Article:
An estimated 39,230 new patients will be diagnosed with primary liver cancer this year. Primary liver cancer is cancer that starts in the liver and remains in the liver. Secondary liver cancer is cancer that has originated elsewhere in the body, and has spread—or metastasized—to the liver.
Our physicians treated more than 500 liver cancer patients in 2015, making SCCA home to the largest liver cancer program in the Pacific Northwest.
Primary Liver Cancer Treatment
SCCA patients who have primary liver cancer are treated through the multidisciplinary Liver Tumor Clinic at University of Washington Medical Center. Patients will have a comprehensive evaluation and will receive a treatment plan based on all available information from a collaborative team of liver tumor specialists, including surgical oncologists, medical oncologists, radiation oncologists, diagnostic and interventional radiologists, liver transplant experts, and pathologists.
Our team treats cancers of the liver and related organs, including hepatocellular carcinoma, cholangiocarcinoma, and gallbladder carcinoma. We also offer a full spectrum of the latest treatments including surgery, including robot-assisted liver resection, radiofrequency ablation, irreversible electroporation (NanoKnife), chemoembolization, radioembolization, liver transplantation, chemotherapy, and radiation therapy, including proton therapy and stereotactic body radiation therapy.
Secondary Liver Cancer Treatment
The Liver Tumor Clinic treats secondary liver cancer as well as primary liver cancer. Colorectal cancer is the most common form of liver metastases, or secondary liver cancer. Other cancers such as breast cancer, lung cancer, and melanoma can also spread to the liver. The Liver Tumor Clinic works closely with the specialists who are treating the primary cancer to determine the best treatment plan for each patient with secondary liver cancer.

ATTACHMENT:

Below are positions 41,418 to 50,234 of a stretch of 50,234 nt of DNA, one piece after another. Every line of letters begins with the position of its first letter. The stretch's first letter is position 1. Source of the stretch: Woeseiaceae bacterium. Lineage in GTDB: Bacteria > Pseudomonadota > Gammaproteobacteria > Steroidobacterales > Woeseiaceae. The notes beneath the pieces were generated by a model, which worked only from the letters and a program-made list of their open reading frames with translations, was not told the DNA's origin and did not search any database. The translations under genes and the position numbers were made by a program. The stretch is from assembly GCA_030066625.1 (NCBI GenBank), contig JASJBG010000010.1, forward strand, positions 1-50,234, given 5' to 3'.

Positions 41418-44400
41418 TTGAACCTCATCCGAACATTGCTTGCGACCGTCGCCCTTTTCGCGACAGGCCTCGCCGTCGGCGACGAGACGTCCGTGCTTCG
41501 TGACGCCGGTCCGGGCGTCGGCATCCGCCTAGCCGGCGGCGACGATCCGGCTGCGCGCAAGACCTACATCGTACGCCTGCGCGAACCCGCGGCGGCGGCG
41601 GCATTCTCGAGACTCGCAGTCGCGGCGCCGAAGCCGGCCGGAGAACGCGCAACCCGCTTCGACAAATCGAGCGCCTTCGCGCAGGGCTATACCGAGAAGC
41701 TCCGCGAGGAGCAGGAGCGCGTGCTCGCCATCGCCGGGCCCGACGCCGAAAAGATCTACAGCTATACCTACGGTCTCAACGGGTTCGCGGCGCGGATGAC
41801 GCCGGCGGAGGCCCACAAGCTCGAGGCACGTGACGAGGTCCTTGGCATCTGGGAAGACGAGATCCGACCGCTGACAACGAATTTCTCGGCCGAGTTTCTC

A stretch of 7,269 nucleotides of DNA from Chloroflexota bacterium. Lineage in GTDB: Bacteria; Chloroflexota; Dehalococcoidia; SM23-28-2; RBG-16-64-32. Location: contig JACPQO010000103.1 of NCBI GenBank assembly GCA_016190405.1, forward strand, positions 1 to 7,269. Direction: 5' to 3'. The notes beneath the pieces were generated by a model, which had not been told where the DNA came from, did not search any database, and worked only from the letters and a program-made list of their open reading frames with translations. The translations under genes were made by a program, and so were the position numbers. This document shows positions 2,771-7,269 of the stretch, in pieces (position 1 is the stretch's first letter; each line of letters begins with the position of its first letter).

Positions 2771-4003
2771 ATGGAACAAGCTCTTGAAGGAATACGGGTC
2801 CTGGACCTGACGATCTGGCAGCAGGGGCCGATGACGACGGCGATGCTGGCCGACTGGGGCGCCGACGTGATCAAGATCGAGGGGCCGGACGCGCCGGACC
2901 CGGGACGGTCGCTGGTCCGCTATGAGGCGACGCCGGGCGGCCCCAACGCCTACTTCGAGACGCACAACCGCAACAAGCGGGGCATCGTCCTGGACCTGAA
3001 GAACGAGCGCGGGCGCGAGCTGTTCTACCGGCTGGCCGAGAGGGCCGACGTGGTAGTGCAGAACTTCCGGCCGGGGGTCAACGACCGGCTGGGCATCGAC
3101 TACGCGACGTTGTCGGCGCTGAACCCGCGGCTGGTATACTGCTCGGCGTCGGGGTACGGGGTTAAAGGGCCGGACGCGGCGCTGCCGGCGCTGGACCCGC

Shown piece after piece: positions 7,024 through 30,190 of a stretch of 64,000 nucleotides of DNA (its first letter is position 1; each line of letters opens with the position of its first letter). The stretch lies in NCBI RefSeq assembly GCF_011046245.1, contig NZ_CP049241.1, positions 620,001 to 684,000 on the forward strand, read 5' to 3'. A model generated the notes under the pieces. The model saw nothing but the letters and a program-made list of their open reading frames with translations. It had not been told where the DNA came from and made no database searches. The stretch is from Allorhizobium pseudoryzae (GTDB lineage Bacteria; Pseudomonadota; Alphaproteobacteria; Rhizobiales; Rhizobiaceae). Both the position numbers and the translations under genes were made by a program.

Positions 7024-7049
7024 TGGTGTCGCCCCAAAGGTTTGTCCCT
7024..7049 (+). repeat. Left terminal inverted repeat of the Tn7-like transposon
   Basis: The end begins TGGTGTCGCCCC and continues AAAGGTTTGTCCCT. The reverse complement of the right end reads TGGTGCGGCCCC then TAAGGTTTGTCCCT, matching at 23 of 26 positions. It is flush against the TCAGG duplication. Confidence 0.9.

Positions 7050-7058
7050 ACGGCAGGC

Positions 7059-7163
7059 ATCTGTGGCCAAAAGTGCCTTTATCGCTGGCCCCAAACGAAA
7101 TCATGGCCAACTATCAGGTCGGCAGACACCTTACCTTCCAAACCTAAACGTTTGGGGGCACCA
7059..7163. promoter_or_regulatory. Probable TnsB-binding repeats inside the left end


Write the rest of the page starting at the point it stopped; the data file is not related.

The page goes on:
Minimally Invasive Liver Cancer Treatment
Unlike open surgery, minimally invasive surgery involves much smaller incisions and procedures are often done with robotic-assistance. These types of surgeries result in less blood loss, fewer transfusions, shorter hospital stays, faster healing times, and less post-surgical pain.
Both primary and secondary liver cancer patients can be seen by our Center for Advanced Minimally Invasive Liver Oncologic Therapy (CAMILOT) after the Liver Tumor Clinic recognizes that a patient is eligible for minimally invasive therapies. CAMILOT is the first of its kind program in the region where surgical oncologists, radiation oncologists, medical oncologists and interventional radiologists partner together to coordinate personalized care and treatments for patients eligible for minimally invasive liver therapies. CAMILOT is a holistic team approach to a patient’s treatment. Patients must first be evaluated by the Liver Tumor Clinic before they can be seen at CAMILOT.
New Treatments in Clinical Studies
SCCA was formed, in part, to bring promising new treatments to patients faster. This means more treatment options through SCCA than you might find elsewhere, including the chance to participate in one of many ongoing clinical studies conducted at SCCA and its founding organizations, Fred Hutchinson Cancer Research Center and UW Medicine.